“Before you tell your life what you intend to do with it, listen for what it intends to do with you. Before you tell your life what truths and values you have decided to live up to, let your life tell you what truths you embody, what values you represent.”
Parker J. Palmer, Let Your Life Speak: Listening for the Voice of Vocation
“Each time a door closes, the rest of the world opens up.”
Parker J. Palmer, Let Your Life Speak: Listening for the Voice of Vocation
tags: life
“Relational trust is built on movements of the human heart such as empathy, commitment, compassion, patience, and the capacity to forgive.”
Parker J. Palmer, The Courage to Teach: Exploring the Inner Landscape of a Teacher's Life
“I want my inner truth to be the plumb line for the choices I make about my life - about the work that I do and how I do it, about the relationships I enter into and how I conduct them.”
Parker J. Palmer
“As I teach, I project the condition of my soul onto my students, my subject, and our way of being together.”
Parker J. Palmer, The Courage to Teach: Exploring the Inner Landscape of a Teacher's Life
“The academic bias against subjectivity not only forces our students to write poorly ("It is believed...," instead of, "I believe..."), it deforms their thinking about themselves and their world. In a single stroke, we delude our students into believing that bad prose turns opinions into facts and we alienate them from their own inner lives.”
Parker J. Palmer
“Why does a literary scholar study the world of "fiction"? To show us that the facts can never be understood except in communion with the imagination.”
Parker J. Palmer, The Courage to Teach: Exploring the Inner Landscape of a Teacher's Life
“As a young man, I yearned for the day when, rooted in the experience that comes only with age, I could do my work fearlessly. But today, in my mid-sixties, I realize that I will feel fear from time to time for the rest of my life. I may never get rid of my fear. But . . . I can learn to walk into it and through it whenever it rises up . . . naming the inner force that triggers . . . fear . . . Naming our fears aloud . . . is the first step toward transcending them.”
Parker J. Palmer
“We must come together in ways that respect the solitude of the soul that avoid the unconscious violence we do when we try to save each other that evoke our capacity to hold another life without dishonoring its mystery never trying to coerce the other into meeting our own needs.”
Parker J. Palmer, Let Your Life Speak: Listening for the Voice of Vocation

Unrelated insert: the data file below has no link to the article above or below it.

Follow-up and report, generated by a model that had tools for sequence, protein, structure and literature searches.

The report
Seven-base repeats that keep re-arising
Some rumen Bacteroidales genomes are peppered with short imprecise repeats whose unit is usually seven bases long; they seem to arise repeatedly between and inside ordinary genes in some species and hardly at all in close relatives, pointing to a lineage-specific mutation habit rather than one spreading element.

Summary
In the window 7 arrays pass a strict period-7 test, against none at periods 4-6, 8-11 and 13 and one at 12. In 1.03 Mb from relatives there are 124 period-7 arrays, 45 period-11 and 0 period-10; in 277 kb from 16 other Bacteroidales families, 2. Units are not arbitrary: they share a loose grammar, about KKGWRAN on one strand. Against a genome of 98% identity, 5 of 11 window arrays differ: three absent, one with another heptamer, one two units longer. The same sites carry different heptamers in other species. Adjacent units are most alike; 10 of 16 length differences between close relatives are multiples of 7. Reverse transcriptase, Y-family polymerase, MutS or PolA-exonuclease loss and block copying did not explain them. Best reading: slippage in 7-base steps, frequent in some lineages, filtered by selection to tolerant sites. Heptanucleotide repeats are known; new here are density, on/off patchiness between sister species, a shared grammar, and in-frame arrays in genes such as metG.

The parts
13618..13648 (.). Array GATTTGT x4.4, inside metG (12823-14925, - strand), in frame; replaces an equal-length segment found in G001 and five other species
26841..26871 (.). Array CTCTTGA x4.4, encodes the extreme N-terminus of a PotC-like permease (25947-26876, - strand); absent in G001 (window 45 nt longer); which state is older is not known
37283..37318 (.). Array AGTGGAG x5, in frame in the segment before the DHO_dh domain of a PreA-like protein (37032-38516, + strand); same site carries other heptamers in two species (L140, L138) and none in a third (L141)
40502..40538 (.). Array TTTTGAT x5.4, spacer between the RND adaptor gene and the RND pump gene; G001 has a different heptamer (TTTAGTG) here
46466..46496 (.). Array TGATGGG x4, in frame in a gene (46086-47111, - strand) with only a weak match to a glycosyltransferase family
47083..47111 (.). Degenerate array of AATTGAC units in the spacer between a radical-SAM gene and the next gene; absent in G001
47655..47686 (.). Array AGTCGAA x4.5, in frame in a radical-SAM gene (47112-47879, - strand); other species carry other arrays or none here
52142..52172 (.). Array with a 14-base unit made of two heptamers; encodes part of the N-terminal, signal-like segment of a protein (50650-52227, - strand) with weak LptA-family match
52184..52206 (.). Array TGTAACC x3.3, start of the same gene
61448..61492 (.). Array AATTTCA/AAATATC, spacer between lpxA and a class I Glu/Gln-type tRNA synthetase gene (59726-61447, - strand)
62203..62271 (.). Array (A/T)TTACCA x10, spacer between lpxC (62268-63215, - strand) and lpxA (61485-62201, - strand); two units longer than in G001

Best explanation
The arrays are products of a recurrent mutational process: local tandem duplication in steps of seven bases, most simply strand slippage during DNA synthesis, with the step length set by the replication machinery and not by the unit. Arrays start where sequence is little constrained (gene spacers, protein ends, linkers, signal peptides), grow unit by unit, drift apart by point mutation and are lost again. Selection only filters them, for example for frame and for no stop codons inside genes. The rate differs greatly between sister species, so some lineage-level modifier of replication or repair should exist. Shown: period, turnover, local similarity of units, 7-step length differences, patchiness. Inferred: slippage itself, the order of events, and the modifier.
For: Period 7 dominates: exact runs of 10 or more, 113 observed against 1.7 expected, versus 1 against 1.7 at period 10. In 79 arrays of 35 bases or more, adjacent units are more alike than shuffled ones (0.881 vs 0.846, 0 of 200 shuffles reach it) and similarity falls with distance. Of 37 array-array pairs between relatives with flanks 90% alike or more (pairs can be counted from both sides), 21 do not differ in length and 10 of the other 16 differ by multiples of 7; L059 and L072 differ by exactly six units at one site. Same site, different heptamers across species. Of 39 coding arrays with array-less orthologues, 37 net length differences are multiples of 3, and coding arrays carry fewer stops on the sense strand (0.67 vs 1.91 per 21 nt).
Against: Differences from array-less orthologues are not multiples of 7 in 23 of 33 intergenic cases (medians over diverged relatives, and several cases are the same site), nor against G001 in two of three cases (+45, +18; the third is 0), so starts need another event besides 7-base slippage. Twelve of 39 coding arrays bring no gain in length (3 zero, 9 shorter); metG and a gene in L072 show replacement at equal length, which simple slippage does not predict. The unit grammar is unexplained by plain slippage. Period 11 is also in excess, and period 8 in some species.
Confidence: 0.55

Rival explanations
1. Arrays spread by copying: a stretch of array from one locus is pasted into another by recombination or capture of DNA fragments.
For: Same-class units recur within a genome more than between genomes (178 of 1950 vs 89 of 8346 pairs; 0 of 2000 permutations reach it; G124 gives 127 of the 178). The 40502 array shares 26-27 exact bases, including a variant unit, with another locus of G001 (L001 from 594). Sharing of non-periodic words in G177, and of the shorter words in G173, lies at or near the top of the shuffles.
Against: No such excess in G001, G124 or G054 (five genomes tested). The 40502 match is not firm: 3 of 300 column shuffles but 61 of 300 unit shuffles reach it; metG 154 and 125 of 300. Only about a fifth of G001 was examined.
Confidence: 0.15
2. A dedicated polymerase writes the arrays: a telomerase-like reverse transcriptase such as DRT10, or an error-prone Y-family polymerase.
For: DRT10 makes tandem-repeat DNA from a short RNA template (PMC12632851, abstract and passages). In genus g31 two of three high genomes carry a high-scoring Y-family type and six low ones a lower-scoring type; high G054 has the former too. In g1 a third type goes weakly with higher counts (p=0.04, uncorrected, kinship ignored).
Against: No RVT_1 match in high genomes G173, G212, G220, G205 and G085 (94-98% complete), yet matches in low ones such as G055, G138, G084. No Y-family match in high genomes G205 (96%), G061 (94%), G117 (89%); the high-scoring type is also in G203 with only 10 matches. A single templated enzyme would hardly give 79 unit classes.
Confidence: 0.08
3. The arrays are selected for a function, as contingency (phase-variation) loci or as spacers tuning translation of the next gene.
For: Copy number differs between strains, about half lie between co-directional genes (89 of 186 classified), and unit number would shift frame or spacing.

“Mentors and apprentices are partners in an ancient human dance, and one of teaching's great rewards is the daily chance it gives us to get back on the dance floor. It is the dance of the spiraling generations, in which the old empower the young with their experience and the young empower the old with new life, reweaving the fabric of the human community as they touch and turn.”
Parker J. Palmer
“We are exploring together. We are cultivating a garden together, backs to the sun. The question is a hoe in our hands and we are digging beneath the hard and crusty surface to the rich humus of our lives.”
Parker J. Palmer, Let Your Life Speak: Listening for the Voice of Vocation
“Long into my career I harbored a secret sense that thinking and reading and writing, as much as I loved them, did not qualify as "real work.”
Parker J. Palmer, The Courage to Teach: Exploring the Inner Landscape of a Teacher's Life
“Discovering vocation does not mean scrambling toward some prize just beyond my reach but accepting the treasure of true self I already posses.”
Parker J. Palmer, Let Your Life Speak: Listening for the Voice of Vocation
“Science requires an engagement with the world, a live encounter between the knower and the known.”
Parker J. Palmer, The Courage to Teach: Exploring the Inner Landscape of a Teacher's Life
“Spirituality is not primarily about values and ethics, not about exhortations to do right or live well. The spiritual traditions are primarily about reality...an effort to penetrate the illusions of the external world and to name its underlying truth.”
Parker J. Palmer
“Formation may be the best name for what happens in a circle of trust, because the word refers, historically, to soul work done in community. But a quick disclaimer is in order, since formation sometimes means a process quite contrary to the one described in this book----a process in which the pressure of orthodox doctrine, sacred text, and institutional authority is applied to the misshapen soul in order to conform it to the shape dictated by some theology. This approach is rooted in the idea that we are born with souls deformed by sin, and our situation is hopeless until the authorities "form" us properly. But all of that is turned upside down by the principles of a circle of trust: I applaud the theologian who said that "the idea of humans being born alienated from the Creator would seem an abominable concept." Here formation flows from the belief that we are born with souls in perfect form. As time goes on, we subject to powers of deformation, from within as well as without, that twist us into shapes alien to the shape of the soul. But the soul never loses its original form and never stops calling us back to our birhtright integrity.”
Parker J. Palmer, A Hidden Wholeness: The Journey Toward an Undivided Life
“A scholar is committed to building on knowledge that others have gathered, correcting it, confirming it, enlarging it. ”
Parker J. Palmer